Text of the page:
A truly glorious day on the farm today. And my first day in the fields.
Planting celeriac and peas.
Celeriac is tough to like at first glace: it’s a pale, knotty, knobby root vegetable with a squid-like mass of tangled root structure hanging from its bottom end. But in a vigilant effort to prevent any misinformed opinion from taking shape, Petra is quick to sing the praises of celeriac as she unpacks each one from its Winter storage in layers of hay. You can roast it, peel it and use the peels as soup stock, or – rumor has it – you can mash it just like potatoes with butter and garlic. Even a raw slice in the middle of the field tastes good: celeriac’s smooth, white meat has a creamy texture and tastes a bit like celery.
This is the first time we’ll be planting celeriac for seed. It’s a biennial and needs two years to reproduce. These bulbs have been in cold storage for a year and, before putting them into the ground, we make a final selection for highest quality.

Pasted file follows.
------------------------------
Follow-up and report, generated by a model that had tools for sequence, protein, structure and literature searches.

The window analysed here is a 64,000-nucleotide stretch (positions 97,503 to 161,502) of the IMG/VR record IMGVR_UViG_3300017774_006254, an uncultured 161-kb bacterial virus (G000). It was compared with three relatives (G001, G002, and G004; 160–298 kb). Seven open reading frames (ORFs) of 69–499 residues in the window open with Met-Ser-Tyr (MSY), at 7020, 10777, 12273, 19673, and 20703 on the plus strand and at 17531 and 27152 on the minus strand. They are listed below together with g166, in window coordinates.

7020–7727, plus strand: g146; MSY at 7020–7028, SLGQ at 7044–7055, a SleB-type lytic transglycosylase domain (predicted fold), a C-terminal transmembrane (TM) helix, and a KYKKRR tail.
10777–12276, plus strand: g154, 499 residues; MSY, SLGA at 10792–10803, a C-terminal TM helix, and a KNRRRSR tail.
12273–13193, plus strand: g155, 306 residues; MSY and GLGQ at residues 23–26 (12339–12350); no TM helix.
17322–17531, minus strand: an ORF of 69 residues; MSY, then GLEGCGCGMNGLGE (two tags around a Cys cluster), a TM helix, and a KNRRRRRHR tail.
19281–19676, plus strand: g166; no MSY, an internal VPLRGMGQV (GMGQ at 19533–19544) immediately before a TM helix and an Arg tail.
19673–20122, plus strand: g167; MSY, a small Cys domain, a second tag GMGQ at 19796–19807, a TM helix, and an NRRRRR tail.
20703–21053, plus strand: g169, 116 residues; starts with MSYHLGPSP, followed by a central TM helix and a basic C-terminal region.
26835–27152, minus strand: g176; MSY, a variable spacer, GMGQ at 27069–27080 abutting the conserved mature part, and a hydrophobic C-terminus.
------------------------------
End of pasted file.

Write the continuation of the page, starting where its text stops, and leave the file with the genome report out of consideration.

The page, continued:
Preferred celeriac are large like a softball, heavy and solid in your hand, have a healthy stem growing from the tip, have a large tangle of root structure hanging from the bottom, and have no open wounds or mold penetrating the skin. It’s quite a process looking over each one.
It’s also quite a process to get each bulb in the ground. You need to get the roots aimed down into the hole, or they grow upwards and pinch themselves off. You need to get soil around the root structure after the bulb is settled, or they’ll die out and sap energy from the plant as they regrow. You need to sit the bulb deep enough so the tip with the stem is just poking above the ground, and don’t break off the stem as you move to the next one.
Of course, Matthew has a clever trick for getting the bulbs in the ground with greater ease: a gas-powered auger that bores softball-sized holes six inches deep into the beds.
That’s how we roll.
In contrast, planting peas is easy. It’s just a matter of pushing them into the ground with a finger, one inch deep and two inches apart.
However, the labor compounds: 600 peas to push in over fifty feet of bed.
Then there’s the rocky soil, which frequently puts bits of stone right where a pea should go. Will the stones block or impede growth of the peas?
“Don’t worry about it, just shove ‘em in there,” said Matthew. “Seeds are smart. They’ll figure it out.”
And if they don’t, they’re not the seeds we want anyway.